Span’s smart panel and Span Drive EV charger have some awesome built in features to take advantage of time of use electricity rates already, but they are going to be rolling out additional features to enable the “charge on sunshine” type of feature down the road. In the meantime, I’ve kind of rolled my own. I won’t go into all the details, but because I’ve linked my Span into the smart home platform, Home Assistant, I’m able to trigger something similar myself. I’m really looking forward to that feature getting rolled out because it will simplify things and make it extra reliable, but it’s still awesome being able to truly charge my car off of sunshine already.

Add on to this all of the appliance specific data that comes from smart appliances themselves. My Rheem heat pump water heater has an app called EcoNet, my WaterFurnace geothermal system has Symphony, and even my water usage in the house is getting tracked by Phyn. Both EcoNet and Symphony breakdown in great detail how many kWhs are used over the course of a day. This allows me to gamify the experience of trying out new settings on heating and cooling our home and hot water … all to maximize our savings.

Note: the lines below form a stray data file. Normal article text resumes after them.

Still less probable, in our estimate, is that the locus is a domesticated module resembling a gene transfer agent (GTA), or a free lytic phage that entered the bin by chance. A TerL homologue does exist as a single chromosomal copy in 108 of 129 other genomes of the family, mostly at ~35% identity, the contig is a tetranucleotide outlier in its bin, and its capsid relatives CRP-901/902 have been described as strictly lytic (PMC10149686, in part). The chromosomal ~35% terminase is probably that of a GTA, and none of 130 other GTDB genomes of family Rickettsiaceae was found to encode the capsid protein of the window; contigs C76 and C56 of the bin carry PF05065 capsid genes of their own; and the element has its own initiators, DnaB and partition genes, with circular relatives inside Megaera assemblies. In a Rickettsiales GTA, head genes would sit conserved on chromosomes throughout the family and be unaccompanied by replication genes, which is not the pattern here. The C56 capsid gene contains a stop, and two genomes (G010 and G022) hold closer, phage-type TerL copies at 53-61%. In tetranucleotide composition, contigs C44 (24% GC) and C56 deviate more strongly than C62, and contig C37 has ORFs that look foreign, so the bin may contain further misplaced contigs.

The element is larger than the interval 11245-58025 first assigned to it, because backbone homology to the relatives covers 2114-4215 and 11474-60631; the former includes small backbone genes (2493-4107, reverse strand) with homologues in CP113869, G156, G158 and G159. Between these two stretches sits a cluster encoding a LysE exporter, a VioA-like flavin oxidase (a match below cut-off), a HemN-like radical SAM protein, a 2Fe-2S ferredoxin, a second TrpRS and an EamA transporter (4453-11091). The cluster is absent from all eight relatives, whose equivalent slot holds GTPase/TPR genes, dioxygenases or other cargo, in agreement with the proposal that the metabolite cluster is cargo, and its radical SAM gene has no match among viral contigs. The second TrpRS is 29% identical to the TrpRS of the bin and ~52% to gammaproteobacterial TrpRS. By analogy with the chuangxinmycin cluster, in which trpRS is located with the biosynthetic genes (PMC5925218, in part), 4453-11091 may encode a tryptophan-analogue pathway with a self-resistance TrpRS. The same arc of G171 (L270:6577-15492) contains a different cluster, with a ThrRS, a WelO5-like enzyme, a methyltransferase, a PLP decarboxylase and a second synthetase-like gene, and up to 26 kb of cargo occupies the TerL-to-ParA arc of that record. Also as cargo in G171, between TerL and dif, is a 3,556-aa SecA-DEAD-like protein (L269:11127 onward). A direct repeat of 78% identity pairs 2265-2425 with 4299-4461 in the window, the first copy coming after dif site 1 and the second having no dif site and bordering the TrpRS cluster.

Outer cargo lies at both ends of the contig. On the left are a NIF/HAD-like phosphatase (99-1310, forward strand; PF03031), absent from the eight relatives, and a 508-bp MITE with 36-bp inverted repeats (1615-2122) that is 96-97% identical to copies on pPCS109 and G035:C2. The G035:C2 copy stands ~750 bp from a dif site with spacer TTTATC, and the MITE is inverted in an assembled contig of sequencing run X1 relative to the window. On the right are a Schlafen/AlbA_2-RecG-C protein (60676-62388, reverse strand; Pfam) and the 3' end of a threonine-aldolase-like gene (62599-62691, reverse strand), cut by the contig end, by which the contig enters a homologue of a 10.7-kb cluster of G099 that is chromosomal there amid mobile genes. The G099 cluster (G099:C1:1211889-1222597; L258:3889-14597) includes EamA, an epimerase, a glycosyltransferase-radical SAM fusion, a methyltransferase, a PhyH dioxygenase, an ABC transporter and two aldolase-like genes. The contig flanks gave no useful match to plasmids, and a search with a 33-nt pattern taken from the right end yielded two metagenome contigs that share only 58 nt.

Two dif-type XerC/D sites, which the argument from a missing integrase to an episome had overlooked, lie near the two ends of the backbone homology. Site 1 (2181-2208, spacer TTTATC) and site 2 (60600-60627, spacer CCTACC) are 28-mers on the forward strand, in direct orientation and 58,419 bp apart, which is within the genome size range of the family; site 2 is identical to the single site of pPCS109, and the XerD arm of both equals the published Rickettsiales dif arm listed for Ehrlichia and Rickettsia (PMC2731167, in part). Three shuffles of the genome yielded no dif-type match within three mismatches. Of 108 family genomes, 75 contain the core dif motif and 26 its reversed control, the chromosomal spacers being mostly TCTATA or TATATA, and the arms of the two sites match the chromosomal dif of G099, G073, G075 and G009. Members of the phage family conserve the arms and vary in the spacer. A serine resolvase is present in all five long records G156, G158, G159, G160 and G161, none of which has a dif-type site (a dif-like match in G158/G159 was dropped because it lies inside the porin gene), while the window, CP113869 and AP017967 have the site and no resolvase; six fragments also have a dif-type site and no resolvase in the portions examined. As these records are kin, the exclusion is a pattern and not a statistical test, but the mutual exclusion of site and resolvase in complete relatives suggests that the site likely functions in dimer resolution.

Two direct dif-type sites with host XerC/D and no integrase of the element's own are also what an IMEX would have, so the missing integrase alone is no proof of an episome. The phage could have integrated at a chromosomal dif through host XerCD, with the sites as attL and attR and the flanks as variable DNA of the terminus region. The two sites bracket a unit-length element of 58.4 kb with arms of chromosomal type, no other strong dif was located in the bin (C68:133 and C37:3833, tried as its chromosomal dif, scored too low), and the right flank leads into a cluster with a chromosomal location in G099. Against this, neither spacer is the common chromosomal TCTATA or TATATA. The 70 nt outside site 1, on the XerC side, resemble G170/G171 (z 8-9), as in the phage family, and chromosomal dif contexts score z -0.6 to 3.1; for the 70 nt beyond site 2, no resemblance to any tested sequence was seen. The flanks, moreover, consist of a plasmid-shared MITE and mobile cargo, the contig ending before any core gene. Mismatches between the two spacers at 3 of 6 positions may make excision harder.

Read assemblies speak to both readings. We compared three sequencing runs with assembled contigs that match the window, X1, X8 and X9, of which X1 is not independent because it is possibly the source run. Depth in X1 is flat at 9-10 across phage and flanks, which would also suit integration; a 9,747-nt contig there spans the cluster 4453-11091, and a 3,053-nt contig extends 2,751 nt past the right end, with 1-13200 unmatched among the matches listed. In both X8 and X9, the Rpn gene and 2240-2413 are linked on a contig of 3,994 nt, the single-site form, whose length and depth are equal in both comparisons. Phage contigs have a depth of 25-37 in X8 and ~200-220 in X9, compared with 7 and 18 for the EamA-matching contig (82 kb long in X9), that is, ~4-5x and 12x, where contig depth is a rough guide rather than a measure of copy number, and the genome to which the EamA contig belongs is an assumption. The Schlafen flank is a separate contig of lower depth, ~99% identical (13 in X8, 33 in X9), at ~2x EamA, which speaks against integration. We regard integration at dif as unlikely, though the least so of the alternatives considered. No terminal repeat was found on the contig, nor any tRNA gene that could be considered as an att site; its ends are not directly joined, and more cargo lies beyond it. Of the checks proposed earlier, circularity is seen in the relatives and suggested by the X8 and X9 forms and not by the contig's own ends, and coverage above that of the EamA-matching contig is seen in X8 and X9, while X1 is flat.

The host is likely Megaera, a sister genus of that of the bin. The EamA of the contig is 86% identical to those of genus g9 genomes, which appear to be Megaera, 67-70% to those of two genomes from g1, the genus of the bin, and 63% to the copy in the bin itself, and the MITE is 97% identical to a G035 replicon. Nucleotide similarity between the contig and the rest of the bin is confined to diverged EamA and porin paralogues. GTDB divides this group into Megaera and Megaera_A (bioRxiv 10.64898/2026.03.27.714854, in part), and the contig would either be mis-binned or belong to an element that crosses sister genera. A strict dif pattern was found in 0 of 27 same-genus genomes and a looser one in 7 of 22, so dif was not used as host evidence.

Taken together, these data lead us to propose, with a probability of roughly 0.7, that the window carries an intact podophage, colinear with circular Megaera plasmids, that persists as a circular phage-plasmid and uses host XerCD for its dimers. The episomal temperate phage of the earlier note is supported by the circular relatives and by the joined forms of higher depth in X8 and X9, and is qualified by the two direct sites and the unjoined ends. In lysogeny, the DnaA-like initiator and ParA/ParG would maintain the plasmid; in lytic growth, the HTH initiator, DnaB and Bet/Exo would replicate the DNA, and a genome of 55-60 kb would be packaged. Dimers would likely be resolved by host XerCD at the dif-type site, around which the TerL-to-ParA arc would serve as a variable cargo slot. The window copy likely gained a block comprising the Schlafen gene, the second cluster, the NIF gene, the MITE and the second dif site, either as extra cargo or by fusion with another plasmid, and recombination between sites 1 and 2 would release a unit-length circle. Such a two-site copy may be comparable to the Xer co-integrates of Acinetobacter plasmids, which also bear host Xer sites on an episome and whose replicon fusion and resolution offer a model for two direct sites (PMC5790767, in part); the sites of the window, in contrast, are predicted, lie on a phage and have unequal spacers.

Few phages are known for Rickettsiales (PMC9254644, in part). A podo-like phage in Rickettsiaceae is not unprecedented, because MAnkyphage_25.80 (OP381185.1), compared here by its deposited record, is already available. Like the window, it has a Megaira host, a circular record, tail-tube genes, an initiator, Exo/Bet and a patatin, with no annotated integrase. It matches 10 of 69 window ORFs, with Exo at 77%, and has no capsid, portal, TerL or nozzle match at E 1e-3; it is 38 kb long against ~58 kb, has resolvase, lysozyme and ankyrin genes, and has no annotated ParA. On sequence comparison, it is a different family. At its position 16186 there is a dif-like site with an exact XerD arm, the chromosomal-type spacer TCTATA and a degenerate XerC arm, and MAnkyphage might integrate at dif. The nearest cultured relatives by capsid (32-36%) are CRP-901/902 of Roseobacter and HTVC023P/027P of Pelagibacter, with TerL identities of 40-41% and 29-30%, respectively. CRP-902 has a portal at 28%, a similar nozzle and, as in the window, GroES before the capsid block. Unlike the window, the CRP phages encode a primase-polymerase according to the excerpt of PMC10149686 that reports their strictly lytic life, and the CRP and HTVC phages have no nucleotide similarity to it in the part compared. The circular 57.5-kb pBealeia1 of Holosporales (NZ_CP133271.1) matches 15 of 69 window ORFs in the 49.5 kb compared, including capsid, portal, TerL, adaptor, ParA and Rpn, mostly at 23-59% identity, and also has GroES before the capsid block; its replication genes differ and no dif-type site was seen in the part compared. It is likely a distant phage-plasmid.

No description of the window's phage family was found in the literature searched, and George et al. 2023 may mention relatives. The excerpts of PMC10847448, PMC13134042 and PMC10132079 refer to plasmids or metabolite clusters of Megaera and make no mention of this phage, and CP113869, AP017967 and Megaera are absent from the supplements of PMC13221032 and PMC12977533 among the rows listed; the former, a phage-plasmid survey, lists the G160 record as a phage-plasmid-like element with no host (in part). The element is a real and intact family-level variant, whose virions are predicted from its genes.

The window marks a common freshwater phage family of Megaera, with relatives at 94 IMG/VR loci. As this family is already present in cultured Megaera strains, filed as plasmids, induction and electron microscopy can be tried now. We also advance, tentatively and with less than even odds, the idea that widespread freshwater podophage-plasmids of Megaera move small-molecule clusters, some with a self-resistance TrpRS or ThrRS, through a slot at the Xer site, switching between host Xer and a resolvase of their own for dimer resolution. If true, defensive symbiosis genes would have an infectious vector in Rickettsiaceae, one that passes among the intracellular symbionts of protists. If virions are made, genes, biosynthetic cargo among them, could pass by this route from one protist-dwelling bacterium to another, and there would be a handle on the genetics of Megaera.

I’ve got some of this data, like our water usage and energy consumption getting pulled into Home Assistant for a handy, high level dashboard to track all of the changes I’m making and what the results are looking like.

The Nerdy/Fun Stuff

I’m still tweaking and evolving my smart home setup, but everything I’ve done is about maximizing our energy use to save money … with some nice extras thrown in for good measure. And I’m running most of this smart home stuff locally with systems like Home Assistant, Unifi Protect cameras, and Homey Pro, so I have no fears about the big brother angle or losing my internet connection and things not working. With knowledge comes power, which is why all of the data these apps provide is so important. It allows me to make educated decisions on what settings I try, how to adjust how we use our home, and to set up automations to help us achieve our goals. You don’t have to go as nuts as I have with a smart home, but hopefully there’s some bits of inspiration in here for you.